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LOCAL NEWS BRIEFS

Muslim group to recognize Kmiec for his leadership

Bishop Edward U. Kmiec of the Catholic Diocese of Buffalo will receive a community service award from the Muslim Public Affairs Council of Western New York at the organization's eighth annual banquet on Saturday.

Kmiec, who recently retired as 13th bishop of Buffalo, was being recognized for his more than seven years of leadership of Western New York's single largest religious group.

Dr. Khalid J. Qazi, president of the council, described Kmiec as a "true visionary leader in Western New York" who has been "open to diversity" in the community.

Qazi also credited Kmiec with making very tough decisions in his role as bishop.

The banquet, which begins at 6 p.m. in Adams Mark Hotel, will feature guest speaker Wajahat Ali, author, attorney and playwright.

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Neonatal ICU is approved for Millard Suburban

The state Public Health and Planning Council on Thursday approved a 10-bed neonatal intensive care unit for Millard Fillmore Suburban Hospital.

With state approval, planning for construction and operations will begin immediately, hospital officials said.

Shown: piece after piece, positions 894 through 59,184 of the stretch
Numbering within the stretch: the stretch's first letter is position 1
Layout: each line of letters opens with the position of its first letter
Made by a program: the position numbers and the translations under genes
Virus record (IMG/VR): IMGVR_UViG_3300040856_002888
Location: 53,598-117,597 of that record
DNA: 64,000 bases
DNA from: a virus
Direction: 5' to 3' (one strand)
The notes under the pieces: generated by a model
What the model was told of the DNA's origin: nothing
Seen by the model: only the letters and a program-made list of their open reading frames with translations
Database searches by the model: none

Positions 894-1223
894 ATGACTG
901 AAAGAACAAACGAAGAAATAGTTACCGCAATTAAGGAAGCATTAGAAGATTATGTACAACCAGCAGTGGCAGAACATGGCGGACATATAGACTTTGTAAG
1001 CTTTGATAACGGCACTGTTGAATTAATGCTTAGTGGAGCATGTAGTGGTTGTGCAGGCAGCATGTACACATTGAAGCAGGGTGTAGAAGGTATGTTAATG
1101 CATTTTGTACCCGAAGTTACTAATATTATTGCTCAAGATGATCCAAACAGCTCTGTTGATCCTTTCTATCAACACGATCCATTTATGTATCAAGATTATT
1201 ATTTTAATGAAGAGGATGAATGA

In February, the hospital -- in partnership with Women & Children's Hospital -- announced plans for the neonatal intensive care unit, which specializes in the care of ill or premature newborn infants. The 261-bed Millard Fillmore Suburban averages more than 2,400 births a year.

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Seneca Gaming to announce skyline-changing endeavor

The Seneca Gaming Corp. on Monday will announce a major construction project for the Seneca Niagara Casino & Hotel that promises to change the Niagara Falls skyline.

At 26 stories and 357 feet tall, the casino hotel already is the tallest hotel structure in New York State, outside of New York City.

Meanwhile, construction is set to begin next month on the newly redesigned Seneca Buffalo Creek Casino in downtown Buffalo, along the Inner Harbor.

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House acts to boost funding at West Valley

WASHINGTON -- The House this week passed an amendment that's likely to boost federal funding for the West Valley Demonstration Project beyond what the Obama administration had proposed for fiscal 2013.

The amendment, which passed by a vote of 223-195, transfers $36 million in funds from administrative accounts at the Department of Energy to the non-

defense environmental cleanup fund, which provides West Valley with its federal funding.

The Obama administration had called for cutting funding for the project to $48 million, from $66 million in the current year. But the amendment -- sponsored by Rep. Tom Reed, R-Corning, and Rep. Brian Higgins, D-Buffalo -- would all but ensure that more money ultimately will go to West Valley.

Reed and Higgins said the extra funding is needed for timely site cleanup.